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Old 12-27-2018, 07:19 PM
 
37,456 posts, read 39,080,100 times
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The car on the jacks is not really a big deal, getting it onto the jacks is. When you jack the first set of wheels the other wheels are in contact with the ground, they will be in park/parking brake and should be blocked. When you go to jack the second set of wheels there is nothing preventing the car from moving forward or backward except the jackstands.

Is your car going to to come off them? Unlikely especially if you have some good jacks with a wide base but this is something to be aware of. If you want to be safe after taking the first set of wheels off lower it a little before jacking the second set of wheels. As already mentioned leave the tires under the jacked end, you can remove them when you have to.
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Old 12-27-2018, 07:40 PM
 
Location: Metro Detroit Michigan
3,236 posts, read 869,965 times
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Quote:
Originally Posted by thecoalman View Post
The car on the jacks is not really a big deal, getting it onto the jacks is. When you jack the first set of wheels the other wheels are in contact with the ground, they will be in park/parking brake and should be blocked. When you go to jack the second set of wheels there is nothing preventing the car from moving forward or backward except the jackstands.

Is your car going to to come off them? Unlikely especially if you have some good jacks with a wide base but this is something to be aware of. If you want to be safe after taking the first set of wheels off lower it a little before jacking the second set of wheels. As already mentioned leave the tires under the jacked end, you can remove them when you have to.
Having a good floor jack makes it a easy job.
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Old 12-27-2018, 08:59 PM
 
37,456 posts, read 39,080,100 times
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Quote:
Originally Posted by easy62 View Post
Having a good floor jack makes it a easy job.

A floor jack will not prevent the center of gravity from shifting and since it's wheeled could enable it. Once again this is not something that is necessarily dangerous but be aware of what may cause potential problems. You could jack a car ten feet into the air if you did it right... might take all afternoon though.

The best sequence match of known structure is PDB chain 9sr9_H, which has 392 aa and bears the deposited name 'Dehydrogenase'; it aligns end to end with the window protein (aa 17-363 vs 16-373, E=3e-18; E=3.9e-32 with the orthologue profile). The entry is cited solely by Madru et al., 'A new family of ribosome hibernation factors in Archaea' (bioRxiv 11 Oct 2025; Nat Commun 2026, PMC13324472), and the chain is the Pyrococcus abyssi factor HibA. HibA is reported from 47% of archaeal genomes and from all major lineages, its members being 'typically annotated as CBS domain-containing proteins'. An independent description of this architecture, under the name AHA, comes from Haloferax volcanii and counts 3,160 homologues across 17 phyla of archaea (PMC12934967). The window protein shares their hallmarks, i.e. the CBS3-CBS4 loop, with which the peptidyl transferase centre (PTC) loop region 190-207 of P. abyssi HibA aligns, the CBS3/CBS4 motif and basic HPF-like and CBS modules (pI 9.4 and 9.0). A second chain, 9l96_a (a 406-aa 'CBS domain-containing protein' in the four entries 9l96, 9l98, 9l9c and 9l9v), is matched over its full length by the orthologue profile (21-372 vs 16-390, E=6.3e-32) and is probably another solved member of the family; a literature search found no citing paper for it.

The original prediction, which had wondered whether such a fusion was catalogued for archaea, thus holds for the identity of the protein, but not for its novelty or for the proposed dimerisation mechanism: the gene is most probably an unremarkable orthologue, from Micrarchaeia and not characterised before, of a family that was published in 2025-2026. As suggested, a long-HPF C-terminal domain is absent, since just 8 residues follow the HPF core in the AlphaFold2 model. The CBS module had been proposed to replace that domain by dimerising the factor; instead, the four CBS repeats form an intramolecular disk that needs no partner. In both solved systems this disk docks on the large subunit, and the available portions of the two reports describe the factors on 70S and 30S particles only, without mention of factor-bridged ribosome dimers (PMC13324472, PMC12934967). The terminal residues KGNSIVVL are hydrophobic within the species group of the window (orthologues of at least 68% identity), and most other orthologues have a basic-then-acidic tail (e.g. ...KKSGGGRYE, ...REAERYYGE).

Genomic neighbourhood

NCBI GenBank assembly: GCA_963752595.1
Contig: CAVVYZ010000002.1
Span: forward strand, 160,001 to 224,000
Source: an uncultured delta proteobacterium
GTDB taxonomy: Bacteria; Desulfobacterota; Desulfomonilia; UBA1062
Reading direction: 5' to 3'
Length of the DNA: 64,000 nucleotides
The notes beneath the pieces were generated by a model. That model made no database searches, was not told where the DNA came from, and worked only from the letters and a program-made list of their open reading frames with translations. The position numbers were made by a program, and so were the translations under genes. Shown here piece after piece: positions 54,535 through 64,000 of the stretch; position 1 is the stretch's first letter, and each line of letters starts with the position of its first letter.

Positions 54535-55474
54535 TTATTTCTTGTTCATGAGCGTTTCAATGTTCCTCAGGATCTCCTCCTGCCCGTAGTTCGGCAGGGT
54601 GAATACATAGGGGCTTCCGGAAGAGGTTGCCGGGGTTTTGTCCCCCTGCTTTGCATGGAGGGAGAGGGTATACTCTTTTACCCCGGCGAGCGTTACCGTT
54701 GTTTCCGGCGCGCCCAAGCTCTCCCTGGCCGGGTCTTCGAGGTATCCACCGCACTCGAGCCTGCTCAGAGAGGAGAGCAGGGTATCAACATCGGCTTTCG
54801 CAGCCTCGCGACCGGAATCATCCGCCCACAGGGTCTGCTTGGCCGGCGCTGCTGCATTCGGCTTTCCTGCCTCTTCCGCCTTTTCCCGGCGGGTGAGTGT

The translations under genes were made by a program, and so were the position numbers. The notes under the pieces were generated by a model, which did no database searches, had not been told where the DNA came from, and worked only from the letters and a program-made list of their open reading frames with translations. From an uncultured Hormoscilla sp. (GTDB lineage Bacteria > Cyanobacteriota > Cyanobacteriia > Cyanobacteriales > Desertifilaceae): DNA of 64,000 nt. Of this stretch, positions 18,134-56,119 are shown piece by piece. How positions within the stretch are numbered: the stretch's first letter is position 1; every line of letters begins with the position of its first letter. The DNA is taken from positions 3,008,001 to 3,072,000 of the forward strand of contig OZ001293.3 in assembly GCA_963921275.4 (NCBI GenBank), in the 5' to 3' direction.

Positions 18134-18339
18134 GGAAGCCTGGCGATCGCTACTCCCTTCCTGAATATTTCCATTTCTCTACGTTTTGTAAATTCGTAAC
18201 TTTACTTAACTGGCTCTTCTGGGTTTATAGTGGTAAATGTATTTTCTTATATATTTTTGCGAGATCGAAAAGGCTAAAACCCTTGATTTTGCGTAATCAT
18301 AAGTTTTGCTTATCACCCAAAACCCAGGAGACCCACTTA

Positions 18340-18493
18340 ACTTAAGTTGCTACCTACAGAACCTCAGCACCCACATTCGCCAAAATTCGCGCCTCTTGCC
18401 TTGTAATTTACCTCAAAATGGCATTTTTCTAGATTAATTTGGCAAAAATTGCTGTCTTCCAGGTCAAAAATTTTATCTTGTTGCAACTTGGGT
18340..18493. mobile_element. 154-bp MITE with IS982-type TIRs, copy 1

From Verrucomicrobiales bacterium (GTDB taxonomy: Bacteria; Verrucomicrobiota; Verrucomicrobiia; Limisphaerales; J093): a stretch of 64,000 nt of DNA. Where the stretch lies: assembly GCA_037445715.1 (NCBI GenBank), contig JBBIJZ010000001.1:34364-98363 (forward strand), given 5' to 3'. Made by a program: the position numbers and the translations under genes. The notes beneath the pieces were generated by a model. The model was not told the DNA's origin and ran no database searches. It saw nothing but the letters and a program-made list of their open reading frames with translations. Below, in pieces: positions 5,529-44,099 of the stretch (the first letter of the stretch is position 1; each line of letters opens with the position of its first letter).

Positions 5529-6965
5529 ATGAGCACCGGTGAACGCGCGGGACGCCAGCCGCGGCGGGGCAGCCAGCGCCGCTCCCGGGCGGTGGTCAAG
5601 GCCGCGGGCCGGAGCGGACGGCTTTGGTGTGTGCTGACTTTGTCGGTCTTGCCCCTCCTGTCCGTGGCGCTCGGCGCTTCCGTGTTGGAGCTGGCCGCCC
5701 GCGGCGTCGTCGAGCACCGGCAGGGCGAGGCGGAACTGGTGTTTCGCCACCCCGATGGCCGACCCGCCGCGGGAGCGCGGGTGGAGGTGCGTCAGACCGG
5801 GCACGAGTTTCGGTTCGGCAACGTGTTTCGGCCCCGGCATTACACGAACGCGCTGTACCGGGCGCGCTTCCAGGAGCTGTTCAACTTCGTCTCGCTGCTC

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Old 12-27-2018, 10:01 PM
 
Location: Ft. Myers
16,633 posts, read 10,213,311 times
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Quote:
Originally Posted by Katana49 View Post
I've had plenty of cars on 4 jackstands and it's perfectly safe if you know what you are doing. But since you're asking this question... I'd probably advise against it, and just work on 2 wheels at a time if possible.

I agree, I have been doing this for 60+ years. But I know what I am doing, and take extra time to make sure they are strong enough and positioned properly. However, if he feels concerned about it, better to do just two at a time.

BTW, I also sometimes will put a floor jack under the front and another under the rear, just so they are touching the bottom of the car, as an extra precaution. Can't be too careful.
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Old 12-27-2018, 10:07 PM
 
Location: Wasilla, AK
6,374 posts, read 3,452,420 times
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Quote:
Originally Posted by Quietude View Post
(As for my completely imaginary pal who never happened and couldn't possibly have done what he did since jackstands are perfect technology... he later followed a Navy stint with two hitches in the Air Force, during which he was part of a crew that had a C-130 fall off of test jacks. He then went into commercial air maintenance and was in the chain of sign-offs for the Alaska Airlines 737 that went down because of a worn jackscrew.)

That was an MD-80, not a B-737.
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Old 12-28-2018, 07:56 AM
 
Location: Kalamalka Lake, B.C.
3,044 posts, read 3,855,520 times